By Betsy Lyles and William Yoo.
Presbyterians in the United States have always sought to be a faithful Church and a diverse Church. Looking back at our history, we clearly see positive developments and grave mistakes in our desire to be a community of faith, hope, love, and witness (F-1.0301). For example, we give thanks for the gathering of the first General Assembly in 1789, and the ways in which Presbyterian leaders established our connectional patterns of church governance that unite all of our congregations. We also lament the moral failings of Presbyterians in the nineteenth century who either supported the cruel practice of slavery or compromised their abolitionist convictions for the sake of maintaining an unjust but familiar order to their daily rhythms of life in their churches and wider society.
It is more difficult to assess Presbyterian efforts toward becoming a more diverse Church. On the one hand, Presbyterians in the nineteenth century took the Great Commission seriously and invested enormous resources in world mission work. Some white Presbyterians even gave their lives to this cause, dying in foreign countries from disease and arduous living conditions. In the middle of the twentieth century, Presbyterians (and other mainstream denominations) designed innovative programs for youth that blended religious education and popular culture to ignite and sustain the faith, witness, and church involvement of many teenagers. On the other hand, the Presbyterian Church (U.S.A.) remains overwhelmingly white – 91% of the denomination’s membership was white in 2014 – and some young adults in their twenties and thirties are searching for their place in local congregations. Some find themselves in the margins because they are “too old” for youth or college ministries but “not quite” at the life stage of most other adult members, deacons, and elders.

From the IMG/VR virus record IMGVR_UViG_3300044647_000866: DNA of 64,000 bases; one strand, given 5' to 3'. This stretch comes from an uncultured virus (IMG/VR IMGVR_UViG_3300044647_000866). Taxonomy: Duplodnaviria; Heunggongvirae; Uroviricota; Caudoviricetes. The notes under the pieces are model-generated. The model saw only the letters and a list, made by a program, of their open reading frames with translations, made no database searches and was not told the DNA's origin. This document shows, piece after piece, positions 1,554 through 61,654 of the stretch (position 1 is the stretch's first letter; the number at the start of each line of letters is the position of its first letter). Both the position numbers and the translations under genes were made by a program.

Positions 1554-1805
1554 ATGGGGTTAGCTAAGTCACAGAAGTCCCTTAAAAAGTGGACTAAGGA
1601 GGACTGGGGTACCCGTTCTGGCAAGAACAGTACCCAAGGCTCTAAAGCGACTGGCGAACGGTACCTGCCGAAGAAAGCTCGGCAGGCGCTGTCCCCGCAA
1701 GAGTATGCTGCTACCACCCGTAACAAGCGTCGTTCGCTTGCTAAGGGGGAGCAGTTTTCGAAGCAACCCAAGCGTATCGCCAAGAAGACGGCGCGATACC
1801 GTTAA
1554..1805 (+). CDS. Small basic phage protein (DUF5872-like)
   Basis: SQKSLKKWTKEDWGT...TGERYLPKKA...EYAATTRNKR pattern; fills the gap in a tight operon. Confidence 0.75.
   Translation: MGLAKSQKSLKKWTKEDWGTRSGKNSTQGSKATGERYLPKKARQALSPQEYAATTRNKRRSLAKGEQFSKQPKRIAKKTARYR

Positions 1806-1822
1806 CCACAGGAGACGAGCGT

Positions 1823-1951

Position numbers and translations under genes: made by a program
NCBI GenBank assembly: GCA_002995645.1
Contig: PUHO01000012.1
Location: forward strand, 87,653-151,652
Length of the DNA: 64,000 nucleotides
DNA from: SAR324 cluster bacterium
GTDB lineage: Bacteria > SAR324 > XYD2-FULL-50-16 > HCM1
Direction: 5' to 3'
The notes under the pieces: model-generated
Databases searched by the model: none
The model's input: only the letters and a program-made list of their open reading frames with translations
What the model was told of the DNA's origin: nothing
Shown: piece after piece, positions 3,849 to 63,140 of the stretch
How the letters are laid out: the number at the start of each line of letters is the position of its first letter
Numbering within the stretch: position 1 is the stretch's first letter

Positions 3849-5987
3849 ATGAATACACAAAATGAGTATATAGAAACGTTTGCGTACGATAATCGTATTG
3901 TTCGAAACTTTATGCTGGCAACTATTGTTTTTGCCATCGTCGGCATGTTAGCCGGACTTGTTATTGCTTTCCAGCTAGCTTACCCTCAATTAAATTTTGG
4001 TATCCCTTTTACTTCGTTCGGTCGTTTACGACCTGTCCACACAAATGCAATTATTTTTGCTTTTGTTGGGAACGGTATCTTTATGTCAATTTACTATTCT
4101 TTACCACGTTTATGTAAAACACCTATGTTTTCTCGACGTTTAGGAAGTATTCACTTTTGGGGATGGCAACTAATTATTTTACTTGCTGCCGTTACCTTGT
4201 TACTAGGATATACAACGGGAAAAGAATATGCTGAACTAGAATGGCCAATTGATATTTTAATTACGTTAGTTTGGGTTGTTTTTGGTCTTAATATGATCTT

A survey of Presbyterian history reveals the following problem: Too often Presbyterians treated diversity as the ultimate aim of their ministry and regarded the “other” persons needed to fulfill this goal as “objects” of mission. In 1889, Presbyterians produced a report for the General Assembly that included a strategy to convert recent immigrants by taking advantage of their vulnerability as strangers adjusting to a new country. Some Presbyterians have also conflated diversity with inclusion in the ways they celebrate the presence of the persons – racially, ethnically, and generationally – that make their congregation diverse without seeking how to truly embody a faithful congregation in which every member has an equal voice in discerning the future direction of the church. Nobody wants to be treated as an “object” of mission or lifted up as an “example” of ministry success.
Although not congregations, Presbyterian seminaries have fallen into the same patterns as our congregations: seeking to be faithful and in the process, creating a system where the “other” becomes the “object” of the mission. In the past ten years, Columbia has seen a shift in the student body. The data tells us we’re diverse and it would be easy to lift up statistics stating that currently only half of our students affiliate with the PC(USA) or that 40% of our student body identifies with a racial-ethnic minority group to substantiate these claims of diversity. But, if we’re to learn from history, we must recognize that diversity cannot be conflated with inclusion.
So how do we – congregations and institutions of the PC(USA) – create inclusivity? Working toward diverse communities is a start but it mustn’t be the end. It’s simply a means to an end. A diverse community is an opportunity for conversations and leadership meetings with diverse perspectives about our next steps. Regardless of how well-intentioned it may be, a leadership team of dedicated and faithful, but mostly homogenous, (whether it be race, class, age, sexuality, gender, etc.) leaders will struggle to think effectively about creating an inclusive witness for our church. Inclusive communities begin when the leadership reflects the diversity of the community. The current national leadership of the PC(USA) is a great example of this – Jan Edmiston, Denise Anderson, J. Herbert Nelson, and Tony De La Rosa – representing several racial-ethnic groups and a range of ages. With a leadership team that embraces more and more the vision of what we hope the PC(USA) can become we can begin asking the question: does our future witness require a younger and more colorful Church?
Rev. Betsy Lyles is Director of Admissions and Financial Aid at Columbia Theological Seminary. Dr. William Yoo is Assistant Professor of American Religious and Cultural History at Columbia Theological Seminary. Betsy Lyles and William Yoo are co-leading a workshop on this topic at the PC(USA) NEXT National Gathering in Kansas City, Missouri, which takes place from March 13 to 15.